The program review clause, meanwhile, falsely equates faculty performance with program performance, Lyons said, and “runs the risk -- if they don’t like what the College of Social Work is doing, or if they don’t like an area of research in sociology -- of being used for retribution based on data that are not rooted in the academic mission.”
By data, Lyons was referring to metrics such as numbers of majors, enrollment and cost of instructional delivery that institutions are increasingly drawing on to, in administrative terms, streamline operations. Advocates of these academic reviews say that they help colleges and universities concentrate resources where they can make the most impact. But critics say that unless they’re done thoughtfully, with faculty input, such reviews paint an incomplete picture of program success or lack thereof. Numbers of majors don’t necessarily demonstrate the important role of more service-oriented departments in delivering general education, and thereby fulfilling institutions’ liberal arts missions, for example.
Bruce Maclennan, associate professor of electrical engineering and computer science at Knoxville and chair of the systemwide University of Tennessee Faculty Council, said that body has multiple concerns about the proposal. It's vague and seems to be redundant, he said, in that faculty members “already have rigorous annual reviews and performance that does not meet specified expectations can trigger an EPPR,” which can lead to termination.
And while the policy’s “peer review” feature is short on detail as of now, he said, “many faculty are concerned that regular posttenure reviews will consume significant faculty time serving on review committees and perhaps also preparing review dossiers.”
Like Lyons, Maclennan said he, too, worried that the proposal could be “abused to target politically unpopular faculty or departments,” weakening tenure protections overall.
Monica Black, the Lindsay Young Associate Professor of History and president of Knoxville’s American Association of University Professors advocacy chapter, called the entire process “very rushed.” Faculty members have days to review and offer comment on the policy document, she said.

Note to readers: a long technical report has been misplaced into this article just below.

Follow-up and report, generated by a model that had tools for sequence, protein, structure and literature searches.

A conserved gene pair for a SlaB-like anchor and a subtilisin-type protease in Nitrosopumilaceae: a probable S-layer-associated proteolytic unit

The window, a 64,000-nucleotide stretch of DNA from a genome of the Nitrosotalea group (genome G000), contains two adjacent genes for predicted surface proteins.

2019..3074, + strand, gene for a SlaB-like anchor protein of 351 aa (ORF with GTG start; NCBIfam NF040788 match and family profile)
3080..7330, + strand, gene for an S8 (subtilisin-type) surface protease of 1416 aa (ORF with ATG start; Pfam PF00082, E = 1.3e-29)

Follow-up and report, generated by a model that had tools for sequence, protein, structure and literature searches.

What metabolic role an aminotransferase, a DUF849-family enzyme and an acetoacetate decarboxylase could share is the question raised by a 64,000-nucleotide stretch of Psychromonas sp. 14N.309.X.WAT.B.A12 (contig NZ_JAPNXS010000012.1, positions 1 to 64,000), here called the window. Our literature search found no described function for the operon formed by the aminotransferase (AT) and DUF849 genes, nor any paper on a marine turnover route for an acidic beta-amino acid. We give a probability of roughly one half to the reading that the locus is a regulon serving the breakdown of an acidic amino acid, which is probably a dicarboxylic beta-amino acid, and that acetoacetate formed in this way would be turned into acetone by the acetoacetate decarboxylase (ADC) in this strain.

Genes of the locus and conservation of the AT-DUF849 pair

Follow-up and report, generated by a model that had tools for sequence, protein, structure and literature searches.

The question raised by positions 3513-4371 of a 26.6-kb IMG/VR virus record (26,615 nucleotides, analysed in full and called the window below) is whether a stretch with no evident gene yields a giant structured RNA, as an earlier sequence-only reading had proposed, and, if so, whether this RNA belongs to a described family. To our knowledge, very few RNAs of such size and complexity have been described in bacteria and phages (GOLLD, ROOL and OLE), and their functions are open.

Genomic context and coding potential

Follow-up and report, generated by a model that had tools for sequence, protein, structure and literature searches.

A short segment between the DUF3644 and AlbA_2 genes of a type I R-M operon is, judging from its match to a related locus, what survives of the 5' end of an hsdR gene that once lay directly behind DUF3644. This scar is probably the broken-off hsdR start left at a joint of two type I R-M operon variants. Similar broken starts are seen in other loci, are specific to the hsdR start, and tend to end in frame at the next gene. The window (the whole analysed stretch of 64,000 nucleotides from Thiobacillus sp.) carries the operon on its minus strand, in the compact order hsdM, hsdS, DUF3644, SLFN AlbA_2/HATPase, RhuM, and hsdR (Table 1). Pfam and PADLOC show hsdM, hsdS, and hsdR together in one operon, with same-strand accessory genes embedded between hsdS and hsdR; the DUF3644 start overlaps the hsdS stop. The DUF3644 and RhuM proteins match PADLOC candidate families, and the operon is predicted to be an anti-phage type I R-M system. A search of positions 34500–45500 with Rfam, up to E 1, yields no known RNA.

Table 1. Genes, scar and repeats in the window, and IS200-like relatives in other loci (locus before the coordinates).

“We spent a lot of time creating a policy that is just now in place, and now this sloppy proposal is being put forth very quickly and in a very vague way.”
Lyons said the proposal’s “principle” versus “principal” typo made the rush all the more obvious and suspect. He noted that there is a simultaneous legislative effort in Tennessee to shrink the board from 27 members to 11, eliminating faculty seats and potentially concentrating the power of board leaders and the system president in the near future.
Gina Stafford, a system spokesperson, said in statement Monday that the proposed changes will be considered by the board at its March meeting and are subject to further tweaking until then.
Tennessee is just the latest state to propose changes to tenure policies at its public universities. A proposal under consideration by the University of Arkansas System would expand terminable offenses for faculty members, to include being uncollegial.
“Virtually all faculty around the state remain opposed to the changes recommended by the university lawyers,” said Joshua Silverstein, a professor of law at the Arkansas system’s Little Rock campus who has been vocal in his opposition to the proposal, referring to the current draft of the policy. With a Board of Trustees vote also tentatively planned for March, he said, those against the changes “need to make their voices heard now.”